Jonathan Edwards in Scotland: An Alternate History


  • Mark Noll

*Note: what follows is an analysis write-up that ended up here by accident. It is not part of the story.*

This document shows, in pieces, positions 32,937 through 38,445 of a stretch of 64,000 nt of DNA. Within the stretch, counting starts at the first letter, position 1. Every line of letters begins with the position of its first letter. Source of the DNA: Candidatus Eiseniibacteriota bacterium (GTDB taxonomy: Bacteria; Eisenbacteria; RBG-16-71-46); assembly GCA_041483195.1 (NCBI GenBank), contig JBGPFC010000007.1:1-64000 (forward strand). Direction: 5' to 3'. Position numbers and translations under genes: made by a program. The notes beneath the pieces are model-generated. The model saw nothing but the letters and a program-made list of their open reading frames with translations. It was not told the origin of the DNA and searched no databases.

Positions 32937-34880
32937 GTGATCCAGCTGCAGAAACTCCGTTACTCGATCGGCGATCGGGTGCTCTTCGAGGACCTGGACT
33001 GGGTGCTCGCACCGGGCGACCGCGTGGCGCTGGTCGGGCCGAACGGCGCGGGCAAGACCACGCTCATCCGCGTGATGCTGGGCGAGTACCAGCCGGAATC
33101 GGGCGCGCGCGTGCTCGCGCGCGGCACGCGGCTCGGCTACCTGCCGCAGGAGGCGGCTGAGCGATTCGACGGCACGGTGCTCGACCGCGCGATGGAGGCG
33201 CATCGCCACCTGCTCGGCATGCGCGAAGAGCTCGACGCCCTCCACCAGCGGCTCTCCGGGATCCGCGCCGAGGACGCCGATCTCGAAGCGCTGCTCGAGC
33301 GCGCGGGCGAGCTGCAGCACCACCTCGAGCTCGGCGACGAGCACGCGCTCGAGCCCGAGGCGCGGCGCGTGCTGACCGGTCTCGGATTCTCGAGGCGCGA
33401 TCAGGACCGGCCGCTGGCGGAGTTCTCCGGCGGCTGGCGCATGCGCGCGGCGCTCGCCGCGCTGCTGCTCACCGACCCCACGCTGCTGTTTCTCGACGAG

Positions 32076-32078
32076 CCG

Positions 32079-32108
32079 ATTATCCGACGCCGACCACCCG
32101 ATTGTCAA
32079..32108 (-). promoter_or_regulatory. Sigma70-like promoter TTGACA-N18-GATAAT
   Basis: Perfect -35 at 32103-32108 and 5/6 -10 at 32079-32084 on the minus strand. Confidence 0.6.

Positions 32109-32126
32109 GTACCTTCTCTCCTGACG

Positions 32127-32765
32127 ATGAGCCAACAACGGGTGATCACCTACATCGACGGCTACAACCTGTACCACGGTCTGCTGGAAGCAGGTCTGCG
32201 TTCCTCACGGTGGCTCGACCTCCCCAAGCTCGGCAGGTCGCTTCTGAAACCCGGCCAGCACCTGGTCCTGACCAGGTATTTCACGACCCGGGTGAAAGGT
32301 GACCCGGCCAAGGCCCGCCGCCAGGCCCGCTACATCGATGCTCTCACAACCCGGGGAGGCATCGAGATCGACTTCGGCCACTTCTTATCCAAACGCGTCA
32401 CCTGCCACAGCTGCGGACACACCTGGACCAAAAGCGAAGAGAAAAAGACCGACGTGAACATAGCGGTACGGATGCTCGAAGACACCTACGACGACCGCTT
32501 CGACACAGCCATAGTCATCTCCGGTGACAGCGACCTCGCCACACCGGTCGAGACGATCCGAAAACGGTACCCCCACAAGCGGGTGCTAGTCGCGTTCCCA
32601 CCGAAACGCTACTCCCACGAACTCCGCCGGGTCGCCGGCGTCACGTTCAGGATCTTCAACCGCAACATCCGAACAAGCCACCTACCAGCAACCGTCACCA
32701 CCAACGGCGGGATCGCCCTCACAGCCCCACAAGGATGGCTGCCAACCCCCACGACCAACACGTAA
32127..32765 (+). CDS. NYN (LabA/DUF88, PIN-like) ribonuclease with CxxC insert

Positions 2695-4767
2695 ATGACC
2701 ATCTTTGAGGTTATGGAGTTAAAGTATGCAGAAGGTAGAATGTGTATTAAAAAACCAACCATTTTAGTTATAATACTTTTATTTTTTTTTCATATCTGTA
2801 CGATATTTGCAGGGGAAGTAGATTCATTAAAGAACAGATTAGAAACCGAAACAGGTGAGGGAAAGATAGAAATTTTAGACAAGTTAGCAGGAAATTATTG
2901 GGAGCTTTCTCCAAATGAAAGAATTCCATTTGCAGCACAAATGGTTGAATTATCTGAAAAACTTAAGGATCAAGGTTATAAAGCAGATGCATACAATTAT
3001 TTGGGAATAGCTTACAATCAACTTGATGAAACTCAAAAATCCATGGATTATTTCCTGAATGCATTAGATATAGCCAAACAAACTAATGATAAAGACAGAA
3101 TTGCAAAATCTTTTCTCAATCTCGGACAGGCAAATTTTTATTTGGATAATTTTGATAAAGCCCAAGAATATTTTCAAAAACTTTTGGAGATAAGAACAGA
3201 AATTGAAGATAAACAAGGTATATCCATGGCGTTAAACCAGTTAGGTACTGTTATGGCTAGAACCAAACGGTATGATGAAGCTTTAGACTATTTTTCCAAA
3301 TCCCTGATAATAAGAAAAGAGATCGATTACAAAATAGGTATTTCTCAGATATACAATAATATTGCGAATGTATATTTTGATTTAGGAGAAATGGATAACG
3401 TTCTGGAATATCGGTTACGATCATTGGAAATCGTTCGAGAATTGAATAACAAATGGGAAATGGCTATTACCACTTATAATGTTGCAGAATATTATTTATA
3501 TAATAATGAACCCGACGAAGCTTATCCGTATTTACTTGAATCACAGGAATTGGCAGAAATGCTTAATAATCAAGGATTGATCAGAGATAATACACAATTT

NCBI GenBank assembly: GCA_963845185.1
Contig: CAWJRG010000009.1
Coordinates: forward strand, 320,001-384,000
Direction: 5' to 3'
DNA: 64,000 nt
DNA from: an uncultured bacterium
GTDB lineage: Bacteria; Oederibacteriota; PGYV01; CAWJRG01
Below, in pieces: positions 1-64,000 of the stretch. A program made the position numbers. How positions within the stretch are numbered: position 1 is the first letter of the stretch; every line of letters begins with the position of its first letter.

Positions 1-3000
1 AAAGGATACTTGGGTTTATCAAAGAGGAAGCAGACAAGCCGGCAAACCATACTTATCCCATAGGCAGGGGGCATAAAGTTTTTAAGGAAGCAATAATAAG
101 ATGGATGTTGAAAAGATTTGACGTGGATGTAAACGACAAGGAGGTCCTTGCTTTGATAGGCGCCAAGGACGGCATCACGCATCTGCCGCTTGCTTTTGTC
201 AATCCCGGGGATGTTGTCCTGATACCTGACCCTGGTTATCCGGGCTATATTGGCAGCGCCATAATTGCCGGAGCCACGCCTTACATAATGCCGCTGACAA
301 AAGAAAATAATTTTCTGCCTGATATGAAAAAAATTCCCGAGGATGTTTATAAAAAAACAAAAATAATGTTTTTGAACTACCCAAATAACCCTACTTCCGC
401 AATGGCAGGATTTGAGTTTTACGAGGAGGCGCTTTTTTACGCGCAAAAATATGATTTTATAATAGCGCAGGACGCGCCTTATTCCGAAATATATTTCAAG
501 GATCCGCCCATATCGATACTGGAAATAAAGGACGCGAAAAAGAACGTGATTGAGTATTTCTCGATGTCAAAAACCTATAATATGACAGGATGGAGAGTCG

When in the fall of 1750 John Erskine received a letter from Jonathan Edwards, written in July of that year, Erskine characteristically went into action. Also characteristic for Erskine when it came to his American connections was the effectiveness of that action. Immediately from his Kirkintilloch parish in Dunbartonshire, he contacted the Rev. James Robe in nearby Kilsyth. A year earlier Robe had shown Erskine a letter from Edwards in which the American had reported on “the general very dark and melancholy . . . present state of religion in these parts of the world.” (275). But the paragraph of the letter to Robe that caught Erskine’s eye—and which he commented on to Robe at the time—was what Edwards had reported about the recent organization of an informal association of Massachusetts ministers who had “applied themselves . . . earnestly to invent means for the promoting of religion.”